I speak fluent English. I enjoy talking about my race. I have a racially diverse group of close friends – there are a number of things that I have going for me that are not what I would imagine to be typical of the “average” experience of a PoC.

The things I have noted above (minus the accent thing, I guess) are also things that a non-PoC wouldn’t have to worry about, or would have to worry about much less. Just as I enjoy a certain amount of male privilege at atheist pub nights, not having to feel intimidated walking into a room of (mostly) men, not having to worry about being sexually harassed (and being able to defend myself against that if it did happen), there is a certain amount of white privilege at play when a non-PoC takes the initiative to attend an atheist gathering. All this means is that, at a population level, it is easier for non-PoCs to go to these kinds of things than it is for a PoC. It is not prohibitive, but that’s not how these things work. There is no sign outside the door that says “No blacks, no Jews”, but there doesn’t have to be – all that’s required is the general feeling that there are a certain “type” of people who are welcome.

Note that I haven’t said anything about my income, my level of education, my previous experience with lectures/debates, my interest in science – any number of factors that may be parallel racial/ethnic divides. Those variables most certainly exert influence and play an important role in why atheism is predominantly for non-PoCs but it is important to note the number of barriers that I personally didn’t have to jump through, but that a less-keen PoC would have. Even if we did have a level political playing field, I’d enjoy a head and shoulders advantage over the “average” person in my ethnic group for a number of reasons that have everything to do with race and nothing to do with anything else.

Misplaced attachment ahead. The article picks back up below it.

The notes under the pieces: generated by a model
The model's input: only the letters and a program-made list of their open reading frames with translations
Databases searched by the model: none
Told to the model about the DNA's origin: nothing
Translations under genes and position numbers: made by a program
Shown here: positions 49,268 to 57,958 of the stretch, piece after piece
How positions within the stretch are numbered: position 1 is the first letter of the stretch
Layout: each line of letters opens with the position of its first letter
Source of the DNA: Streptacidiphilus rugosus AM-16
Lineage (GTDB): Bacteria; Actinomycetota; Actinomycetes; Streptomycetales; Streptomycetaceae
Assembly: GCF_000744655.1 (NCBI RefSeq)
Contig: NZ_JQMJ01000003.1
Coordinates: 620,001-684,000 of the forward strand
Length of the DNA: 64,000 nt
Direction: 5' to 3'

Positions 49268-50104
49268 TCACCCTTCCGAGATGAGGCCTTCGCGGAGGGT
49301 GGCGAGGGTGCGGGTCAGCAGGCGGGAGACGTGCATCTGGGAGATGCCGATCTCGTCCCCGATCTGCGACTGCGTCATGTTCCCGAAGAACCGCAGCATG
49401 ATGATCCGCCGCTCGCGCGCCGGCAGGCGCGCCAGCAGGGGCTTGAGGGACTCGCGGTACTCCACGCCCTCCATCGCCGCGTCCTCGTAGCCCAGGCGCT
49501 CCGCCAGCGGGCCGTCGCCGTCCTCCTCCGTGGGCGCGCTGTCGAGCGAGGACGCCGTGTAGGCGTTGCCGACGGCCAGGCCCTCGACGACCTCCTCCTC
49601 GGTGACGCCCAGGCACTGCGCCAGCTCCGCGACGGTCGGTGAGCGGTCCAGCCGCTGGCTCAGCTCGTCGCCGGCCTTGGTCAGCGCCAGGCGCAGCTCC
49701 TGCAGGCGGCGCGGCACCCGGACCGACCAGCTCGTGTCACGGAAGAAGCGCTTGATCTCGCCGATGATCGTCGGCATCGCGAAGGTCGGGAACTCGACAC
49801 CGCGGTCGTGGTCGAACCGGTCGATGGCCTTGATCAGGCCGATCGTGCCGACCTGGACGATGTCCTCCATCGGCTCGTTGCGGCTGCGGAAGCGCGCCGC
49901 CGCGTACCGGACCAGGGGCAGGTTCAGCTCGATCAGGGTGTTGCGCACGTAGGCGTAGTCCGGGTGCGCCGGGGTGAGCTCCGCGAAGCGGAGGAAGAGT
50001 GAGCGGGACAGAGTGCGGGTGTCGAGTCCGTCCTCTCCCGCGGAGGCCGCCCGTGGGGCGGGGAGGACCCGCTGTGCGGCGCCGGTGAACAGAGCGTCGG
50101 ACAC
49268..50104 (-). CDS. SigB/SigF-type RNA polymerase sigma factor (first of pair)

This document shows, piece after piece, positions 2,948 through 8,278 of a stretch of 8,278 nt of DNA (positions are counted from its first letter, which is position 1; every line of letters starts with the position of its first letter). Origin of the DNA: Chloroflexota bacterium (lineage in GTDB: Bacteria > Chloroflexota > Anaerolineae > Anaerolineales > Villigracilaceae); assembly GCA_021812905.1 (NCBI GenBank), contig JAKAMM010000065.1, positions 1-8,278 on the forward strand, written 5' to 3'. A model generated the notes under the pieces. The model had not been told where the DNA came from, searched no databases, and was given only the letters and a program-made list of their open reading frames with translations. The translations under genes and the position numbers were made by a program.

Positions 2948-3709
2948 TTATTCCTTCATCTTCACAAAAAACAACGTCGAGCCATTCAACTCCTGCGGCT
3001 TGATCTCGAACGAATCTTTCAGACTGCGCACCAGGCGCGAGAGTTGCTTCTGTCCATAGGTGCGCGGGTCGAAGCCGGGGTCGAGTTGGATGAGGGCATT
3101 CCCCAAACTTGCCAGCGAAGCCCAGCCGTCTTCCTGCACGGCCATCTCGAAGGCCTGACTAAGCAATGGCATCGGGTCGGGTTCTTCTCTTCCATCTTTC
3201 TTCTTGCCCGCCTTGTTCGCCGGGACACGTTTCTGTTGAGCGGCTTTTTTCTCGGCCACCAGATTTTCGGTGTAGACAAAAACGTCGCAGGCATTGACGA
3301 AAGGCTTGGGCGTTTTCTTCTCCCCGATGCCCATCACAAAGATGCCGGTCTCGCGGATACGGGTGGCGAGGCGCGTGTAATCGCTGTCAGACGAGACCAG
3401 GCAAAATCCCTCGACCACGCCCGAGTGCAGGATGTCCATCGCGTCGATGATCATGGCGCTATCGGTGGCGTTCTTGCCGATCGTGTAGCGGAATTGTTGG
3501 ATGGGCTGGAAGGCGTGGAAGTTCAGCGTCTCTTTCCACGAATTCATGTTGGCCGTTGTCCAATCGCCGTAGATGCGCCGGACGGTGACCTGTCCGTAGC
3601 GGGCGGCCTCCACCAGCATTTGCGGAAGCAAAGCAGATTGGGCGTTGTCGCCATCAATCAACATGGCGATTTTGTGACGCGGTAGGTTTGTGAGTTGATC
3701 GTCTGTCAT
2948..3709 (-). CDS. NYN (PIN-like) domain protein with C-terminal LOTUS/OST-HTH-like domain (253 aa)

Based on the flood of comments after the Guardian article and the majority that follow Jen McCreight’s article on same, there’s still a long way to go before this becomes generally understood.

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3 comments

1 ping

  1. 1
    aspentroll.myid.net

    Are you located in the southern states? Are you
    Afro-American? If so, it must really be tough to be recognized as an atheist in the south. Black folks are still trying to be accepted by the religious right here in the south, add coming out as atheist, here would be almost impossible.

  2. 2
    Crommunist

    No, I’m in Canada. Vancouver, to be more precise. The discrimination I face here is so much less than people in the USA, the south particularly.

  3. 3
    Ted Powell

    “sceptic (sic)” (twice)
    Umm… you are quoting from the Guardian.

  1. 4
    Atheism and Ethnicity. « The Key of Atheist

    [...] minorities crops up pretty regularly, this being a recent example. Ian Cromwell, as usual, has a very lucid perspective on the subject (among others), and he also has the benefit of experience in this particular area. I [...]